Those who have even a slight insight into the gravity of the Quranic message, or who recognise that the Sunnah came to elevate humankind and restore us to our Adamic dignity will, in all likelihood, find today’s crass (and oftentimes, vulgar and irreverent) celebrity culture more than a trifle troublesome. Surely ones ease with, or acceptance of, it simply reflects how much souls have become desensitised to virtue or how much hearts have cozied up to vice; doesn’t it?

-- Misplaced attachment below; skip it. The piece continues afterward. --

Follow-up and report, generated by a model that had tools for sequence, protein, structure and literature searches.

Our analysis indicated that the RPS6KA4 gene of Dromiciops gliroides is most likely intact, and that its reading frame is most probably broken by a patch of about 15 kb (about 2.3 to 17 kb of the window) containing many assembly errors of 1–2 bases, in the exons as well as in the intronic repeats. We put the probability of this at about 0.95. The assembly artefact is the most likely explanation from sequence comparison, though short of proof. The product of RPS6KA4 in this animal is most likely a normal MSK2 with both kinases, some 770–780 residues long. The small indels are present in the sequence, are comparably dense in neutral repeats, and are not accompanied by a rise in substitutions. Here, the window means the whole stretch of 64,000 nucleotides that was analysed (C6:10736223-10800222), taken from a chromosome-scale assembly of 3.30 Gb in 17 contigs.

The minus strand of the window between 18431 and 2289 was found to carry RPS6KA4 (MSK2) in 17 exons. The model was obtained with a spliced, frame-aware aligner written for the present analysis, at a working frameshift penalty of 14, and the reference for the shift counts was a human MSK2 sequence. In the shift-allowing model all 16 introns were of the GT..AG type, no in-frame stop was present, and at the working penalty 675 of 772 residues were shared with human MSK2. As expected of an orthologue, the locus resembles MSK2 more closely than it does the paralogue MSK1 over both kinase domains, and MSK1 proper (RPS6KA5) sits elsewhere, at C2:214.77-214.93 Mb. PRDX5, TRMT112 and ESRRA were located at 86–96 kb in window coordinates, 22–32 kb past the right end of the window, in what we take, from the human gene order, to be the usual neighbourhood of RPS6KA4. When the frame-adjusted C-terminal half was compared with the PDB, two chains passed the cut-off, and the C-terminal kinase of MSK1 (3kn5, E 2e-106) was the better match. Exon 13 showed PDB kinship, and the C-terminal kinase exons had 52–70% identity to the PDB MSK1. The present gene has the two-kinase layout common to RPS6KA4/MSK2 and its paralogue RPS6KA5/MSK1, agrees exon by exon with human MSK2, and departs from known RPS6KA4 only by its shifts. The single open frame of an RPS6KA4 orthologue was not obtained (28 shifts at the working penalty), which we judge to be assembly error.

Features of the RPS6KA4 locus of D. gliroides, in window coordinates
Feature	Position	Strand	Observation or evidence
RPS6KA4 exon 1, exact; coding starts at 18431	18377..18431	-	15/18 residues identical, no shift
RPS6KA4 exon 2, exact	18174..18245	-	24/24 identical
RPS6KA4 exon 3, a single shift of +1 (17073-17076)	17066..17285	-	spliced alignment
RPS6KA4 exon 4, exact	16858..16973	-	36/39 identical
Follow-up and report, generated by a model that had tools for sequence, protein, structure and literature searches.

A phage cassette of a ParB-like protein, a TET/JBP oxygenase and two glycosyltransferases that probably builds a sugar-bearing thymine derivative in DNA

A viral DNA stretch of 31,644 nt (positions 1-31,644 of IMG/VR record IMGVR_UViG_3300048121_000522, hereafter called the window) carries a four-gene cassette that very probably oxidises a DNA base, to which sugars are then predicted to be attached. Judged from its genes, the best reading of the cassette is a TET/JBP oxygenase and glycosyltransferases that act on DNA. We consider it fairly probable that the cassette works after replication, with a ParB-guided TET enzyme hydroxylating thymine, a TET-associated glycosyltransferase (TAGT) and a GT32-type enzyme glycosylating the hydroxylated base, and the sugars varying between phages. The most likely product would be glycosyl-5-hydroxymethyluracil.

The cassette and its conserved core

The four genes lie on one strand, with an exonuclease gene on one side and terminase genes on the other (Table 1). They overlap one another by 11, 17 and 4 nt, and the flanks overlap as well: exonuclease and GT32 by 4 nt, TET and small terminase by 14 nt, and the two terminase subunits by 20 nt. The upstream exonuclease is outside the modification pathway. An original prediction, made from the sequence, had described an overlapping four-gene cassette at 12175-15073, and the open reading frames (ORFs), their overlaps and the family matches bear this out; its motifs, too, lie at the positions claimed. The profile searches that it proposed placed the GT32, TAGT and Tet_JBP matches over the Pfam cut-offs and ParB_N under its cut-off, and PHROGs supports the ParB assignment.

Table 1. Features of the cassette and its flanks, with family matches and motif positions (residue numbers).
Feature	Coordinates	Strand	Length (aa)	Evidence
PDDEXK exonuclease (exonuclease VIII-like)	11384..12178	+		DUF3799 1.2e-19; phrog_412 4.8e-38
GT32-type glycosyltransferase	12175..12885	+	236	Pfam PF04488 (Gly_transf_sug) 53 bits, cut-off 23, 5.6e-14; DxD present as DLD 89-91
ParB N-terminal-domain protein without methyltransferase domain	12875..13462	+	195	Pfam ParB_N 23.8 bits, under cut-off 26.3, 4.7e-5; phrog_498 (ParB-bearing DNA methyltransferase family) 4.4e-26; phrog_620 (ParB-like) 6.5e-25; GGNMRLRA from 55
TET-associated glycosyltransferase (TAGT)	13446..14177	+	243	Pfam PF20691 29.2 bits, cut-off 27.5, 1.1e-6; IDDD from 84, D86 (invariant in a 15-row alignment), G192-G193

This is why Islam puts great weight on al-amr bi’l-ma‘ruf wa’l-nahi ‘ani’l-munkar – the duty of “commanding good and forbiding wrong.” Allah, exalted is He, declares in the Qur’an: The believers, men and women, are allies one to another; they enjoin what is good and forbid what is evil. [9:71] If we are to continue to recognise and honour people of virtue and piety, so as to be inspired by their conduct and be guided by their example, then we must collectively ensure that the lines between halal and haram, virtue and vice, and morality and immorality, are not blurred or made fuzzy. For if knowledge of what constitutes virtue and vice is lost to us; if Islamic morality is made subjective to the tastes and fashions of the times, and is no longer a rock firmly planted, we shall have brought about our rack and ruin in both worlds. Immense pressure is now being brought to bear upon Muslims to do precisely this. Ibn Mas‘ud, one of Islam’s earliest converts and one of its most illustrious scholars, once heard a person say: ‘Whoever doesn’t enjoin the good or forbid evil has perished.’ To which Ibn Mas‘ud responded: ‘Rather, one whose heart doesn’t recognises good from evil has perished.’4